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Democratization and Expansion of the Private: Barriers to Equity in Brazilian Higher Education

By Mariana Kakarakis



Over the past decades, marketization-focused public policies have significantly transformed higher education systems worldwide. In Brazil, where access to public universities is limited, there has been a rapid reduction of public financing accompanied by an expansion of private institutions. One example of such market-driven policies has been the transferal of educational financing from higher education to lower levels of education, also known as the structural adjustment policy recommended by multilateral organizations. Furthermore, national policies administered by the Ministry of Education, for example, the ProUni (University for all programme) and FIES (Student Financing Programme) have continued to marketize the HE sector by providing scholarships and/or unsubsidized federal loans to low-income students so that they can attend private universities. The objectives of these programmes are to democratize and expand equity in HE, however, by supporting access to private institutions only, there is evidence that undergraduate education can become disassociated from research, while students’ quality of education decreases along with their opportunities in the labor market.


With the expansion of private higher education, private institutions are tending towards 'full-fledged corporate organizations delivering enterprise education' while public universities and research institutes stagnate due to the extended lack of funding and budget cuts that have occurred over the past decades. In this post, I will highlight the wider implications of market-driven public policy in relation to the expansion of private institutions, particularly focusing on the perpetuation of three barriers to equity in the HE system: equity of access (entry to the system), retention (remaining within the system), and output (quality of education received).


Barriers to equity of access


Very often access to public higher education in Brazil is restricted to higher socio-economic groups. Contrary to the educational systems of many developed nations, in Brazil, while at primary and secondary level the private sector is most prestigious, in higher education, the best universities are public and funded by the government. This leads to the great irony of the Brazilian higher education system: given the highly competitive nature of the entry examination (nearly 10 candidates for every place), it is highly challenging to access a public university and receive free higher education without having previously attended a private school. This privileges middle-class students who can afford to pay tuition at a private high school, paving their way for entrance into a public university. The less prestigious private universities have less competitive admissions and therefore cater to people who work and pay tuition. Currently, students of low socio-economic status encounter barriers to accessing HE as their public educational backgrounds rarely prepare them for the highly competitive entrance to public universities.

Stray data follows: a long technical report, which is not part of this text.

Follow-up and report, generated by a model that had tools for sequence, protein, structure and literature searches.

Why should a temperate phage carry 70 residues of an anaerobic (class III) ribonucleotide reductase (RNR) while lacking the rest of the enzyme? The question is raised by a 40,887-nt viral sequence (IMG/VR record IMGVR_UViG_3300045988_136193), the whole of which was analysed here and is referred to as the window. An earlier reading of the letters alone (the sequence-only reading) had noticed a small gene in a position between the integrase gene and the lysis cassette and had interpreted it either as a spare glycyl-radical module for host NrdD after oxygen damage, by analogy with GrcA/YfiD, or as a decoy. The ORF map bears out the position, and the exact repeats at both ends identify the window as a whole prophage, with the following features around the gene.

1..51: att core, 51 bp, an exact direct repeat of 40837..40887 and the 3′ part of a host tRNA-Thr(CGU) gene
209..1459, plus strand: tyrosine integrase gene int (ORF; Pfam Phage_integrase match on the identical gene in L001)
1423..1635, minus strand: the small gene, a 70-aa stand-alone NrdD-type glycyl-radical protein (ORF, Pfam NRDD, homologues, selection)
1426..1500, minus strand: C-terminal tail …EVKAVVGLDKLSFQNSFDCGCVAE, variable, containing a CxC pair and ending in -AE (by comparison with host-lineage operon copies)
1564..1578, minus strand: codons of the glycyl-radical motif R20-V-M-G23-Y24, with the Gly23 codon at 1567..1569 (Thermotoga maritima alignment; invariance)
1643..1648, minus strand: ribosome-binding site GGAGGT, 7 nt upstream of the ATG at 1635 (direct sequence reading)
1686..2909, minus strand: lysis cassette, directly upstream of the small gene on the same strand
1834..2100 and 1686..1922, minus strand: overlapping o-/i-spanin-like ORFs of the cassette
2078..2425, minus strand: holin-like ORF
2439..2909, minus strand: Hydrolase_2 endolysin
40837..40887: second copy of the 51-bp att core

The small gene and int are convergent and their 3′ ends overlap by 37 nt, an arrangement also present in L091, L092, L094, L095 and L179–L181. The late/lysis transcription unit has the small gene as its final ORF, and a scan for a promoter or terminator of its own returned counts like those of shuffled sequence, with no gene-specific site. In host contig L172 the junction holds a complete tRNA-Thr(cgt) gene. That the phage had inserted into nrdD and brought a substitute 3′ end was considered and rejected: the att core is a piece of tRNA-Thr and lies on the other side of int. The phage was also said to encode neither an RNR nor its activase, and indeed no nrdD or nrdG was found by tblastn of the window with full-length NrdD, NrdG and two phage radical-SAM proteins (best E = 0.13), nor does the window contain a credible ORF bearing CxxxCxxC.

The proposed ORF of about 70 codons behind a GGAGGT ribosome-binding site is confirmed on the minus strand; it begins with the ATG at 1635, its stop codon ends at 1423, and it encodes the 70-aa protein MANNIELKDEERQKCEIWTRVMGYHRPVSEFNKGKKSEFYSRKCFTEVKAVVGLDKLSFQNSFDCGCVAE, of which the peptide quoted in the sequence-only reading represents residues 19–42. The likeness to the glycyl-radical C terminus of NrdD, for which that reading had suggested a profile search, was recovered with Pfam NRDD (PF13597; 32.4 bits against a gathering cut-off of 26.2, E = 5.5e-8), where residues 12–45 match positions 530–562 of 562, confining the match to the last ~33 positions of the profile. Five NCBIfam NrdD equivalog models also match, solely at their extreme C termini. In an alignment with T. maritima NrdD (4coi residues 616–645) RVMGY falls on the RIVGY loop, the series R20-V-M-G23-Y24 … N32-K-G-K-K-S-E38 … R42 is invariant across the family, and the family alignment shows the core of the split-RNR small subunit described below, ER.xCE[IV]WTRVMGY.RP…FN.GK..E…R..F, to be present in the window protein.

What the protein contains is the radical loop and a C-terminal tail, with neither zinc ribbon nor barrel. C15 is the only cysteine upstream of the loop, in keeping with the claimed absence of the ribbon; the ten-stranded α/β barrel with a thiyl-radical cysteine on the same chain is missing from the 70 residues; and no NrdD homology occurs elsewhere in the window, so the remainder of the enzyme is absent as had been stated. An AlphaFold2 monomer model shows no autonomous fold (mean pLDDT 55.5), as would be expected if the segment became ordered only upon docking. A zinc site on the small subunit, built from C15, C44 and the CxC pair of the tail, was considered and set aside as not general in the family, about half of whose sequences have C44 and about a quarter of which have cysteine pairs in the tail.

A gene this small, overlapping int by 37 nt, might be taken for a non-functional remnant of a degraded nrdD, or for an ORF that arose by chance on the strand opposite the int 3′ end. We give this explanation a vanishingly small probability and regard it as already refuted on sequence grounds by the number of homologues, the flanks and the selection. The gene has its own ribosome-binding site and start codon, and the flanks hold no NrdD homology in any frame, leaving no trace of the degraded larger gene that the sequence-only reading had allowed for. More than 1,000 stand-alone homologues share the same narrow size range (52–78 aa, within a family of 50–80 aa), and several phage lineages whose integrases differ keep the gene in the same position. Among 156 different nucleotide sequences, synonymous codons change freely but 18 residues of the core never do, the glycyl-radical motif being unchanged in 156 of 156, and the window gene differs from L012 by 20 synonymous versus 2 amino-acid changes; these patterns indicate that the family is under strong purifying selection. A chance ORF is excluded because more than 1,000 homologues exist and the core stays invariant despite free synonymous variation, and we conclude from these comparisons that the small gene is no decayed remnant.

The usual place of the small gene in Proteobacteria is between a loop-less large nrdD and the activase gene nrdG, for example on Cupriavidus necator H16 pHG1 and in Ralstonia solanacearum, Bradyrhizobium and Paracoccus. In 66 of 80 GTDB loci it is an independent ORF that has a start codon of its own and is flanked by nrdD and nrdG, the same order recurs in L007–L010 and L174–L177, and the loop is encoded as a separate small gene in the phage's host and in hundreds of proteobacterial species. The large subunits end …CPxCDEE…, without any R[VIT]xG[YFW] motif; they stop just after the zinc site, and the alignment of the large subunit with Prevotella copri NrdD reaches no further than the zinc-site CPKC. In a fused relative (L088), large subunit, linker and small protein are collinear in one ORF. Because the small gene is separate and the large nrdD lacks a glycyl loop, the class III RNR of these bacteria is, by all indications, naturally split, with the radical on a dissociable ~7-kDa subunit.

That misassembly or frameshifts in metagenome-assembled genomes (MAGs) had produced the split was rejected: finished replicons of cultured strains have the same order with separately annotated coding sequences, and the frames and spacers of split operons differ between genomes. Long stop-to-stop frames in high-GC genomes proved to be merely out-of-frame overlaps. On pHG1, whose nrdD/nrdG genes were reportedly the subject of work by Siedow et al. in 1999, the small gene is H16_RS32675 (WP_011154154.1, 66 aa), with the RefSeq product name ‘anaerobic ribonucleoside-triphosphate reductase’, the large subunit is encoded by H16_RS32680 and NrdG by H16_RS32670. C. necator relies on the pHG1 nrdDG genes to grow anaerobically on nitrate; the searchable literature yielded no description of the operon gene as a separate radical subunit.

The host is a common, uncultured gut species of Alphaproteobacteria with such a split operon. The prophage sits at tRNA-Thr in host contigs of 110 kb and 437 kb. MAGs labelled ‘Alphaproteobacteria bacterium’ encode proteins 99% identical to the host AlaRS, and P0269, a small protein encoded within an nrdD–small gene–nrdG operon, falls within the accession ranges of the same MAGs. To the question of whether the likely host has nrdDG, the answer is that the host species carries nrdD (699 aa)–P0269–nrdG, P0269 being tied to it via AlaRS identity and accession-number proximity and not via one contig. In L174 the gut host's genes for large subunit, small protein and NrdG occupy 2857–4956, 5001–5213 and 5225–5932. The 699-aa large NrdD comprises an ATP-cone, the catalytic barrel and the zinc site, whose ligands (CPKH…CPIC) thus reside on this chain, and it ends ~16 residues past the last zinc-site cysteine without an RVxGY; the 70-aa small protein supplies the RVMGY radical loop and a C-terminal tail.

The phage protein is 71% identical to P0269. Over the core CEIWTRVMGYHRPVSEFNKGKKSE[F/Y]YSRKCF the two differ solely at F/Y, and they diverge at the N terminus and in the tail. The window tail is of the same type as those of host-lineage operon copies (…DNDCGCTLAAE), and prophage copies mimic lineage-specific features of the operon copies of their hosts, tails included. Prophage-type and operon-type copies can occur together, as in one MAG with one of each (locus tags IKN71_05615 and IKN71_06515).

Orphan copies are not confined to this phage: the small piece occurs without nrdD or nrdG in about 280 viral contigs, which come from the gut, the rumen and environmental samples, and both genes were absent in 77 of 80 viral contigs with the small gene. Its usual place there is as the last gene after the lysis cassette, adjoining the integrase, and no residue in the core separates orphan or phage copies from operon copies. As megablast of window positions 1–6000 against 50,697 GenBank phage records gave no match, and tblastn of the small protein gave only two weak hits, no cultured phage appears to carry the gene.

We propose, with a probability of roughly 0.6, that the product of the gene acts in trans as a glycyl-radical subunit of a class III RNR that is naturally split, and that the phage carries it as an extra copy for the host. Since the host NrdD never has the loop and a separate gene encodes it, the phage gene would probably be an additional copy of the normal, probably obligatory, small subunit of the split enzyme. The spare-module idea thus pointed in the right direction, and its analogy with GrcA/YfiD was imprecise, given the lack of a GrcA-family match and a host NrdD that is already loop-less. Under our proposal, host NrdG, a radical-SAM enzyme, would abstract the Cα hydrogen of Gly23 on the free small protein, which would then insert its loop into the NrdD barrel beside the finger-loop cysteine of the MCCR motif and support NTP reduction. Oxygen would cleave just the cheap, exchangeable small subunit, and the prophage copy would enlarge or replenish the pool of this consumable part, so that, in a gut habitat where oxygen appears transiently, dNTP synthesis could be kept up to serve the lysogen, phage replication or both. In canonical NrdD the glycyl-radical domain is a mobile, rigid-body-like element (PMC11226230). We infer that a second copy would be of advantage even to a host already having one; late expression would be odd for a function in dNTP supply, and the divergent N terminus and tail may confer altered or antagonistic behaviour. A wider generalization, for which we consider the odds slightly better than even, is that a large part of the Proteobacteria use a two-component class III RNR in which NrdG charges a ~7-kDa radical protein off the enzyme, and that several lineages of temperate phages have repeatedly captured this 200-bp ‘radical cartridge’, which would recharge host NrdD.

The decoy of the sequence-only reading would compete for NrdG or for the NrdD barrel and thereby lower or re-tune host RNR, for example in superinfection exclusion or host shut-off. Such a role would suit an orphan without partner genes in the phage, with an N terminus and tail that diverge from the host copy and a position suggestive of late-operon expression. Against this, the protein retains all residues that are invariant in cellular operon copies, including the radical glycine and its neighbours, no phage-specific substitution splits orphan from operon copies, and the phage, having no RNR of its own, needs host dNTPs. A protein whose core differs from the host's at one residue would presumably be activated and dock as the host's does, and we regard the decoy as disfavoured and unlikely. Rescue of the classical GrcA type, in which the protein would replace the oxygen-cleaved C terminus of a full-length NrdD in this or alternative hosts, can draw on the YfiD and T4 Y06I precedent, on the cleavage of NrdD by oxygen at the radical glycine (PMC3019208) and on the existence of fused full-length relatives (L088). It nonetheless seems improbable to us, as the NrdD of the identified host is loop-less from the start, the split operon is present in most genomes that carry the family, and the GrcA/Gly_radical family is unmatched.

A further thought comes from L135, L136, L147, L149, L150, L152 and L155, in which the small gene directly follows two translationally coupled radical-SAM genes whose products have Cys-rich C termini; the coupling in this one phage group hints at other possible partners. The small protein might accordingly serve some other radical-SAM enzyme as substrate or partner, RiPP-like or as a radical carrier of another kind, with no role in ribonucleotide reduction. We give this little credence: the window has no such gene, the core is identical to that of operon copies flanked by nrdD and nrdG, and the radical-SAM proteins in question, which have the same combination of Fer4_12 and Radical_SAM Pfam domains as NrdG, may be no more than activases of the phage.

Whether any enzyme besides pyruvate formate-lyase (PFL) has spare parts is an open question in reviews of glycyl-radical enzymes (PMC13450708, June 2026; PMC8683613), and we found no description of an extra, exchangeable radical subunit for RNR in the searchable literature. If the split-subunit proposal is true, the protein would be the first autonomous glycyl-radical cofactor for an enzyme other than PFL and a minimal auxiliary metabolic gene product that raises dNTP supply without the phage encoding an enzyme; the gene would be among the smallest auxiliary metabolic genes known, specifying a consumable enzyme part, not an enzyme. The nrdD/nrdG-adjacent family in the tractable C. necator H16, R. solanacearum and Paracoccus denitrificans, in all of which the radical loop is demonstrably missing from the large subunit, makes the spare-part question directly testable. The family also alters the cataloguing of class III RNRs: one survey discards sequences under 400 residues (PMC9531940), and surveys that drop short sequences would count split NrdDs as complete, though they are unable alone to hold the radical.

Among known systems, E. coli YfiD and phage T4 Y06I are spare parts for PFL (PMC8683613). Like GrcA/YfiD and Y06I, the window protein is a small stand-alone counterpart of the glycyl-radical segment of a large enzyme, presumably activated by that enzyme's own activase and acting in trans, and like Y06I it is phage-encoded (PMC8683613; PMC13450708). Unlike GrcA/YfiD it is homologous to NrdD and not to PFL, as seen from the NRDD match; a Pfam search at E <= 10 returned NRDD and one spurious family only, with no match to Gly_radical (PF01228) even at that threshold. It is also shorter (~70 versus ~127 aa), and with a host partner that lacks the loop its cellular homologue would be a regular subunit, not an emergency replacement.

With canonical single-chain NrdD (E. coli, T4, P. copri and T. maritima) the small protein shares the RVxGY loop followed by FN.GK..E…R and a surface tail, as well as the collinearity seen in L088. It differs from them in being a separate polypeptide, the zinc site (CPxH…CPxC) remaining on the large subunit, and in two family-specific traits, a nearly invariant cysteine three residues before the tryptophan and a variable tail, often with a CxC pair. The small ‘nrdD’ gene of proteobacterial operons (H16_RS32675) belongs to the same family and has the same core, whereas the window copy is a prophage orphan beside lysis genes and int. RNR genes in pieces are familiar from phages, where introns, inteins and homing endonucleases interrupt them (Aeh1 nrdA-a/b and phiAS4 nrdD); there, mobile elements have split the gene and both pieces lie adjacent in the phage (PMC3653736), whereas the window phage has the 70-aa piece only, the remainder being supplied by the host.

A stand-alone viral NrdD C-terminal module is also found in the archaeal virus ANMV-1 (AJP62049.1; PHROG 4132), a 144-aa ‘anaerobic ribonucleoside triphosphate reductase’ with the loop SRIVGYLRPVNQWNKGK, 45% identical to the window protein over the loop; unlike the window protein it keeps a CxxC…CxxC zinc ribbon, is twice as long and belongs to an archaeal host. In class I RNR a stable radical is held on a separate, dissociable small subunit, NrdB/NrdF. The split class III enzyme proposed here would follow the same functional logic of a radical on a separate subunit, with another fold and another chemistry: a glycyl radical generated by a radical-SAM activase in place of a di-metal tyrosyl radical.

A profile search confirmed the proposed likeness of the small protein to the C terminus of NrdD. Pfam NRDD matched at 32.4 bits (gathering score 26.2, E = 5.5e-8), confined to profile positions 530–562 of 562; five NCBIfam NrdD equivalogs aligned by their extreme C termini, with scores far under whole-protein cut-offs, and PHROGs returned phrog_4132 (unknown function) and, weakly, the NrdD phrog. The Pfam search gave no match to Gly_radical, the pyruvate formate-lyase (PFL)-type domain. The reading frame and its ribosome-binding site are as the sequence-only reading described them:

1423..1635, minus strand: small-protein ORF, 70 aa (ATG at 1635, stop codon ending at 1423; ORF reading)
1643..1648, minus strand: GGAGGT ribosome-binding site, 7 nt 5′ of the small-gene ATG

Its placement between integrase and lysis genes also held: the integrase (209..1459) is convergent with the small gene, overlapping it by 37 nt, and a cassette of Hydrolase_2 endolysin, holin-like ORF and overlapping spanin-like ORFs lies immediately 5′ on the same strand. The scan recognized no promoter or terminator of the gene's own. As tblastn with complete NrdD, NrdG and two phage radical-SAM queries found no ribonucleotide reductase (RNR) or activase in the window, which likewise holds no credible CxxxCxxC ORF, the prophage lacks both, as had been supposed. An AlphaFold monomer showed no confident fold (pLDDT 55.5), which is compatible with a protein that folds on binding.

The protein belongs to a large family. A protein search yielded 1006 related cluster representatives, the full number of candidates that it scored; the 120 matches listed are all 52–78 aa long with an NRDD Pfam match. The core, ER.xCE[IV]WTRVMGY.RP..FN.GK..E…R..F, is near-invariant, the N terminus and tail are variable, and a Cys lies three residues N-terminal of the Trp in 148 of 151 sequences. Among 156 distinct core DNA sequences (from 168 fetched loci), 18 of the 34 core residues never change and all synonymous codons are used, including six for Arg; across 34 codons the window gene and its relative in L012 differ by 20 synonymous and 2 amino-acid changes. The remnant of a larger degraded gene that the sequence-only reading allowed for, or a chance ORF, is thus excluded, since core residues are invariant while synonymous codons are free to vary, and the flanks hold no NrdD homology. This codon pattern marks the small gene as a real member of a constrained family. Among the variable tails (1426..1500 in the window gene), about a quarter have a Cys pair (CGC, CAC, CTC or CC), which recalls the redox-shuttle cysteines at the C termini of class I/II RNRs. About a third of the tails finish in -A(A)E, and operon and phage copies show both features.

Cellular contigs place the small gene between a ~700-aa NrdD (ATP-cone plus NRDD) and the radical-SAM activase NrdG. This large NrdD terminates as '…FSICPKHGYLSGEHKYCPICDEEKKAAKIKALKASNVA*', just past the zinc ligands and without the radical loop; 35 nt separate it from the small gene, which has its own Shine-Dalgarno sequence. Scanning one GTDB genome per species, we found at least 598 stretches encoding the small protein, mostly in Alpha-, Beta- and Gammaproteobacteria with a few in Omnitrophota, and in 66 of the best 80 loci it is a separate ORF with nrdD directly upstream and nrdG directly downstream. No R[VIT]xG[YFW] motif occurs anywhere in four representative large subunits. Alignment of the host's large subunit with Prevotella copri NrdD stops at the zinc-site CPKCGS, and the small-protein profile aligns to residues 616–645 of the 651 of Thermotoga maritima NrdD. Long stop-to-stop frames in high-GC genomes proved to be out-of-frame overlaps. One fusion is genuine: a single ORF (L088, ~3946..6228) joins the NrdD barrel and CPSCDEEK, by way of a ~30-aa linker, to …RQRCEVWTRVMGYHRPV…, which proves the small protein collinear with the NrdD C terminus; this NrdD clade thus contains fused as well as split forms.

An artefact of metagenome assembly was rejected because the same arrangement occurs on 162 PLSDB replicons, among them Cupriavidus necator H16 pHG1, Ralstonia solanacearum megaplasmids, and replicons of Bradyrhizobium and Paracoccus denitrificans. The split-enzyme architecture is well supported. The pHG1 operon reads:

Furthermore, given the singular focus on expanding access to private institutions, government policy still fails to successfully prioritize the needs of low socio-economic status students who achieve the necessary qualifications for entry to HE but are prevented from progressing due to financial constraints. The Brazilian government has instead continued with the privatization policies promoted by multilateral organizations that depoliticize the regulatory practices of the state in the area of public policy.


Barriers to equity: retention and output in HE


There is currently much interest in not just access to higher education, but also student success. The dominance of fee-paying private provision, combined with limited places in public institutions, creates a complex environment for policymakers to ensure that access, retention and educational quality are not determined by students' socio-economic class. Despite the use of programmes such as ProUni and FIES to support to low-income students into university, singular focus on the private sector promotes a false notion of democratization as it contributes to the maintenance of existing social stratification within the higher education system. A major concern raised by these policies is that along with the relocation of public funds into the private sector, the government is able pass on responsibility for addressing issues of inequity in the Brazilian educational system. This also has the knock-on effect of reducing investment in public higher education institutions, thus further limiting access, efficiency, and educational quality.


While these programs offer something of a palliative solution, producing benefits in the short run, they do nothing to genuinely address systemic social inequality within Brazilian HE, a situation which is all the more critical given the dubious quality of some private HE institutions. One of the underlying concerns regarding student retention is that such expansion programmes do not address additional financial support that public institutions may offer, including transportation, housing, subsidized food, costs of books, internships and research scholarships. This is evident in the case of Ana, a 19 year old student who works as a housekeeper for an average monthly salary of R$400 (roughly 200 USD):